Enya: #12 of 20 Icons of Echoes
Late last year, Echoes listeners voted Irish singer Enya, #12 among 20 Icons of Echoes.
The voice of Enya has become ubiquitous on television commercials and film soundtracks. Whether heard in American Express ads or the movie, “The Age of Innocence,” her ethereal choirs and Celtic cadences seem suited to almost any mood. Enya floats in waves of reverberation and synthesizer pads, her multi-tracked voice cascading around her like silken eddies.
I have a certain ambivalence toward Enya, both her music and her presentations. There are times when I think she takes me to a higher plain, an ecstatic, floating cloud of sound where I lie on my back, eyes pointed to the stars. Her music is meticulously crafted, her voice a heavensent instrument.
Then there are times, more with each album, where she’s only tapped into the most saccharine, facile aspects of a faux spirituality. Her music is trite, even clunky with dated sounds and over-produced, clotty arrangements. Her voice, that beautiful instrument that shares a genetic lineage with her sister, Moya Brennan, is lost in turgid overdubs and an indiscriminate ocean of reverb. And her pop hits have become increasingly Disneyesque, beginning with “Orinoco Flow,” thru “Carribean Blue,” “Anywhere Is” and the puerile confection of “Only If….”
I was going to come up with Five Essential Enya CDs, but honestly, of the only seven proper albums she’s released in a quarter century, I could only find four to highly recommend and one of them is iffy.
This is the only Enya album you really need. Her second recording, Watermark is packed with more gorgeous songs and original ideas than all her other CDs combined. It has the hit, “Orinoco Flow,” the best of her “pop” songs, but it also contains the Latin-sung tribal thunder of “Cursum Perficio,” the cinematic expanse of “Storms in Africa” and “The Longships” and beautiful aires like “Evening Falls.” Every Enya album after this followed the same formula.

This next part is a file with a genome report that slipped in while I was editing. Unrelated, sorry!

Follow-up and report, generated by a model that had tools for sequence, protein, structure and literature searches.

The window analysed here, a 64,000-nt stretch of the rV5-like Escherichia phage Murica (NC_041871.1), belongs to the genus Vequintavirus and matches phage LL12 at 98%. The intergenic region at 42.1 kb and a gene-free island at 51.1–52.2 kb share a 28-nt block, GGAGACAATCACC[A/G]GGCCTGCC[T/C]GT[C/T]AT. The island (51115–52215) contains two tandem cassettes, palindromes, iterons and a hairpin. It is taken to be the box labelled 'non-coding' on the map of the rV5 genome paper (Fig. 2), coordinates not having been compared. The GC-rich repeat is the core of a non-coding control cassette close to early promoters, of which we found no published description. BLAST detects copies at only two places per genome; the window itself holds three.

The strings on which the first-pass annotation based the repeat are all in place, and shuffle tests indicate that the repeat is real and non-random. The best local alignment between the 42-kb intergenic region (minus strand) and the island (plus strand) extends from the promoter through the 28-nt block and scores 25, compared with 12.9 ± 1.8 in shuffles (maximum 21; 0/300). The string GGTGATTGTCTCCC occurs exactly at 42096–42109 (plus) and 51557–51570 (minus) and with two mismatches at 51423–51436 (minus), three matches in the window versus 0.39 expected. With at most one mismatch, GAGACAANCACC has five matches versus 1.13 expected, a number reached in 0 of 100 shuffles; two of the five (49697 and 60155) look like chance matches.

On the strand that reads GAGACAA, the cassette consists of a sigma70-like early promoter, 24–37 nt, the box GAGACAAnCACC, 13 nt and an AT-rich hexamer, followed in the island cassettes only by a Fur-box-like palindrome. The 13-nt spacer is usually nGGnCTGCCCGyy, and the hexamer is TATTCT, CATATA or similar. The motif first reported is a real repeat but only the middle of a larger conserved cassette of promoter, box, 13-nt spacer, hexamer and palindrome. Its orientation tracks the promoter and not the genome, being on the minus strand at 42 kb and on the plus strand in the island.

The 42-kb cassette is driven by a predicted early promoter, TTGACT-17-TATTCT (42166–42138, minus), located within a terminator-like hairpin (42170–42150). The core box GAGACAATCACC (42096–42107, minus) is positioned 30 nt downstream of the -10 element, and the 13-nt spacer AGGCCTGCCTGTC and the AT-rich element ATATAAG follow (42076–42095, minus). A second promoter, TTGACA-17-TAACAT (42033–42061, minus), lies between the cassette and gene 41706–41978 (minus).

2 Shepherd Moons
The follow-Up to Watermark, Enya’s third album continued and expanded on those themes with the gothic chants of “Afer Ventus” and “Angeles”, more tribal stomps with “Ebudae” and the heartbreaking “Evacuee” one of the few Enya songs with real world concerns, in this case the London Blitz of WWII. “Caribbean Blue” was the pop hit, but…..
3 The Celts
This is her first album, originally released as Enya in 1986 and reissued later as The Celts. The soundtrack for a BBC television series, Enya mixes her choral chants with sweet ballads and a few instrumentals. It’s simpler than her succeeding albums, but more direct. Even though this was the beginning of the insular triumvirate of Enya, producer Nicky Ryan and lyricist Roma Ryan, they still sounded like they lived in the world and not the stone bubble of their castle.
4 The Memory of Trees
This album really started the Enya slide to sentimentality. Pop ditties like “Anywhere is” with its nursery rhyme schemes, make me want to brush my teeth after listening, it’s so sweet But there are still some beautiful choral works like “Pax Deorum” and “Athair Are Neamh.”
After that Enya’s music defines clunky and corny. A Day Without Rain spawned the post 9/11 hit, “Only Time,” but also had MOR shlock like “Wild Child” and “Flora’s Secret”. Amarantine would’ve been great if all the tunes had the power of “Water Shows the Hidden Heart,” “Less Than A Pearl” and especially the vocal abandon of “The River Sings,” but those are the only lifeboats in this sea of shlock. Her Slo-mo ballads manage to be dirge-like and singsongy at the same time, like The Carpenters (who did the multi-tracked vocal think years before) on quaaludes. And the less said about And Winter Came, the better. It’s albums like this that give seasonal music a bad name.
To many, Enya epitomizes the voice of the heavens opening. But listen to Sheila Chandra‘s Weaving My Ancestor’s Voices or Gothic Voices‘ A Feather on the Breath of God singing the chants of Abbess Hildegard von Bingen and the difference between heaven and sentimentality become apparent. Enya, she could be so much better. She needs to get out of the castle and into the world. In the meantime, these four CDs show how great she could be.
John Diliberto ((( echoes )))